The topic of caring for widows and orphans keeps coming up in this thread. Is this in reference to the need for a welfare program and/or other state/goverment funded programs to help those in need? From a Biblical point of view (of course, my interpretation of it
), this is an interesting subject. I was reading in a mag the other day about how socialism and Christianity do not go hand-in-hand. This really got me thinking because I have always found myself to lean towards a socialist point of view - education for all, health care for all, retirement/senior care for all, etc. But, I also knew that I couldn't just go with what "sounded right" to me - as a (fundamental
Christian, I also needed to read what God had to say about it. So far, this is what has come to mind:
In Matthew 25:34-50, Christ separates the sheep from the goats, and His reasoning for doing so was that when He was hungry they fed Him, when He was naked, they dressed Him, when He was in jail, they visited Him, etc. They said, but Lord, when did we ever do these things for You? He answered by saying that when they did it to the least of the bretheren, they did them for Him. My belief is that this illustrates God's desire for us to care for those around us - feed the hungry, clothe the naked, visit and encourage the downtrodden, etc.
But, I also believe that there are verses that express that we are to do something with our lives and not just assume that we will be taken care of ...
1 Thes. 4:11-12 admonishes us to lead a quiet life and work with our hands, that we may earn the respect of those around us and not be in need.
In Matthew 25:14-30, the parable of the talents is told. In this parable, a man gives a talent to three different men and tells them that when he returns from his journey, he will check on what they have done with it. Two of them used their talents to earn more; the third man hid his talent and returned to the man with nothing more than what he was given. The two men who worked in some capacity were commended for doing something with what they were given; the man who sat on his talent and didn't do anything was dismissed with these words: “But his master answered and said to him, ‘You wicked, lazy slave, you knew that I reap where I did not sow and gather where I scattered no seed. 27‘Then you ought to have put my money in the bank, and on my arrival I would have received my money back with interest. 28‘Therefore take away the talent from him, and give it to the one who has the ten talents.’"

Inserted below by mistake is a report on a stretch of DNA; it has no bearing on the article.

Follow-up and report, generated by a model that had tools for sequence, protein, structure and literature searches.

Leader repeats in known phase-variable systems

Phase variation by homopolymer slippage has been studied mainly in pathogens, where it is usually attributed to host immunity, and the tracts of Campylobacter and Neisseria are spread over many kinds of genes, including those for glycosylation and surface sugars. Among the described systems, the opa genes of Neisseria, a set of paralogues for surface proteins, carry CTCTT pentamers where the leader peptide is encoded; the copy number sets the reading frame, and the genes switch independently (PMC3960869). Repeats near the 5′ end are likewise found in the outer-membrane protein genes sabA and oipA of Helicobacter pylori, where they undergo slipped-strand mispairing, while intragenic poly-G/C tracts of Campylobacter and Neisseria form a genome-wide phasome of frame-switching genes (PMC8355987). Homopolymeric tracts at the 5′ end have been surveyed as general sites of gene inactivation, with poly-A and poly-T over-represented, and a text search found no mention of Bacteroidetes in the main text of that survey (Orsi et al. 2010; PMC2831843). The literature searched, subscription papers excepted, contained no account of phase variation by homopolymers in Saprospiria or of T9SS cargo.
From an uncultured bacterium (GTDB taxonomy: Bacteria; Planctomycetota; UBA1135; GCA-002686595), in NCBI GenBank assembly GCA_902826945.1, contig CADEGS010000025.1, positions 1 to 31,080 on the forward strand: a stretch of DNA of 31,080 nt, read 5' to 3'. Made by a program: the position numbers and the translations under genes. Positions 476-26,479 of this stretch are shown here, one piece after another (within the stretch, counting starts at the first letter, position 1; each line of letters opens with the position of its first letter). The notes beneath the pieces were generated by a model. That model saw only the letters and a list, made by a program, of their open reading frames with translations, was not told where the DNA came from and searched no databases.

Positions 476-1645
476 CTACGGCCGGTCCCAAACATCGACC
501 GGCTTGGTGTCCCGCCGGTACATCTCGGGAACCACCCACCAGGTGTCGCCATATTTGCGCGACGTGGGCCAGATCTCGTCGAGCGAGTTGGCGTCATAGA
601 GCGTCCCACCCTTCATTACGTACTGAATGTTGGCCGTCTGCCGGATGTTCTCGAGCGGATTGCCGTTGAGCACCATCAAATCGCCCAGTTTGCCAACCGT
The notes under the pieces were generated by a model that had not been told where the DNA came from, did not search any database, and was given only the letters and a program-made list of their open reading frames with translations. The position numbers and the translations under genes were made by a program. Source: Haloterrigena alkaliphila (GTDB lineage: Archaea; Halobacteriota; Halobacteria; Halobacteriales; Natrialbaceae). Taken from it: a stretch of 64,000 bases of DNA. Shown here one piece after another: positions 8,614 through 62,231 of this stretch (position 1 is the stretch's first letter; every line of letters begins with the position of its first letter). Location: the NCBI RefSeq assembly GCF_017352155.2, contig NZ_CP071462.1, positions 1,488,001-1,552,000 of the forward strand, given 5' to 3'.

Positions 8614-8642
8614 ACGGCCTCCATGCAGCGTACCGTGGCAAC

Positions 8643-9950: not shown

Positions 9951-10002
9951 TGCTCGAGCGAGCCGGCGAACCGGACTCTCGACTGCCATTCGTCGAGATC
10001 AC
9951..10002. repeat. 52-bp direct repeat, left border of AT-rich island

My perspective is that yes, we are called as Christians (and in my opinion, human beings regardless of religion) to care for those less fortunate. But, I also believe that as Christians, we are called to make something out of our life (the talent that we have been given) - something that is of benefit to the Man that gave us that talent in the first place. What does this have to do with politics? Well, to make a long explanation a little longer, I think that the socialist mind-frame of supporting everyone doesn't line-up as neatly with the Bible as I would like it to. I think it means that there needs to be moderation with the liberal-hand-out-money-for-the-sake-of handing-it-out practice that seems more indicative of the democratic party. I am a SAHM; my dh works two jobs to enable me to stay home with our children. Though I believe that public school teachers should make enough money to support their faimilies on ONE income, I also don't expect someone in government to give us more money just because I choose to stay home. I believe there needs to be a big over-haul of the welfare and unemployment systems. And so, I don't see it as a simple black-and-white situation of "Christians are called to support orphans, widows and those less fortunate, so therefore we must support Democrats because they are for social programs." I think there is much more to it than that.